Bava Metzia 103

Local custom.

A famous and famously unattributable quote asserts that, “England and America are two countries separated by a common language.” We might say the same of Jews — following the same religion but living in numerous diverse locales and cultures. The challenge this presents is taken up by today’s daf. 

A new chapter of Bava Metzia begins with a mishnah that outlines the obligations of a person working someone else’s land

One who receives a field from another: In a location where those cultivating the land were accustomed to cut the produce, this one must cut it as well. Where they were accustomed to uproot the produce, they must uproot it. Where they were accustomed to plow the land after harvesting the produce, they must plow as well. All farming of the land shall be conducted in accordance with regional custom.

We’re talking about someone who cultivates another’s farmland — like a tenant farmer or sharecropper. One might have thought that it was up to this person to decide how to manage the land, but this is not so. Rather, they farm the land as is customary in their region of the world.

The mishnah reflects a more general concept in Judaism: the primacy given to minhag hamakom, or local custom. For example, if you visit a synagogue with a different liturgy than your own, the expectation is that you will participate according to the custom of that synagogue. Rabbi Shalom Morris explains how this plays out at Bevis Marks Synagogue, the Spanish and Portuguese synagogue in London: In public prayers, visitors are expected to follow the customs of the synagogue, but in private prayers they are encouraged to say whatever is customary for them. If a group of guests rents the synagogue for their own ritual, then Rabbi Morris encourages them to follow their own customs because even though it takes place in the Spanish and Portuguese synagogue, the event is hosted by Jews from elsewhere. The principle of minhag hamakon, though on the surface simple, is actually complex in its application.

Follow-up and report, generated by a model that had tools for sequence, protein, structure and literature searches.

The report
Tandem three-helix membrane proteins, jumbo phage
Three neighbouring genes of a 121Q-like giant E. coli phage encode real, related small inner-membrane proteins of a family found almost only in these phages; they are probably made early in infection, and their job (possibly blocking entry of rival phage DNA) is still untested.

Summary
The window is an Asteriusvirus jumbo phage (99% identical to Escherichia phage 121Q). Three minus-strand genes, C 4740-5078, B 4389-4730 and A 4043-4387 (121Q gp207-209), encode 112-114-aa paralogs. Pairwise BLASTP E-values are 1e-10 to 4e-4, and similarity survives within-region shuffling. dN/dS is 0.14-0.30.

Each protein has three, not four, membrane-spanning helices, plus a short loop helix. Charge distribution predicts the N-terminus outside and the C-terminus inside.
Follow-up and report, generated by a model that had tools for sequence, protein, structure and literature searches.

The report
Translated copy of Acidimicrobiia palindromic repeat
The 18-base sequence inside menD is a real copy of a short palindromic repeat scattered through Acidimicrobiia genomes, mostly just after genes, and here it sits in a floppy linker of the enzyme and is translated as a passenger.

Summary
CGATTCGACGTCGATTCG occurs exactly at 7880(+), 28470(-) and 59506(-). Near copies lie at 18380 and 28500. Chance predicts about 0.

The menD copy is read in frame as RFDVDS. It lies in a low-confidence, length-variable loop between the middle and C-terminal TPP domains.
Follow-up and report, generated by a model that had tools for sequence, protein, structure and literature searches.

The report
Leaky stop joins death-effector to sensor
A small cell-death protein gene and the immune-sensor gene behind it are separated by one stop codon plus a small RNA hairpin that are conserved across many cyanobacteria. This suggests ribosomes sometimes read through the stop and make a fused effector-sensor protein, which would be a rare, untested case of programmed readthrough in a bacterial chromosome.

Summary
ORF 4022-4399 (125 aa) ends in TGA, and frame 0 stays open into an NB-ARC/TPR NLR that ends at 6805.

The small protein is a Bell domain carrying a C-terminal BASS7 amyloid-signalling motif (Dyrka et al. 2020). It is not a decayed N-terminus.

Likewise, while the mishnah on today’s daf seems to unambiguously state that one cannot diverge from regional custom when working someone else’s land, the Gemara adds nuance:

The mishnah teaches: “Where they were accustomed to plow the land after harvesting the produce, they must plow as well.” Isn’t it obvious that he cannot deviate from the custom? No, it is necessary for the situation of a place where the custom is not to weed the fields, and the one cultivating this field went and weeded anyway. Lest you say that he could say to the landowner: “When I weeded the field, I did so with the intention of not plowing it subsequently.” To counter this, the mishnah teaches us that the renter should have specified this intention explicitly to the landowner (beforehand).

While the prevailing custom dictates expectations for the tenant farmer, the text leaves significant room for compromise and conversation. The key is that the cultivator must speak to the owner in advance about their intention, then the two can peaceably agree to deviate from the local custom.

Read all of Bava Metzia 103 on Sefaria.

This piece originally appeared in a My Jewish Learning Daf Yomi email newsletter sent on June 10, 2024. If you are interested in receiving the newsletter, sign up here.

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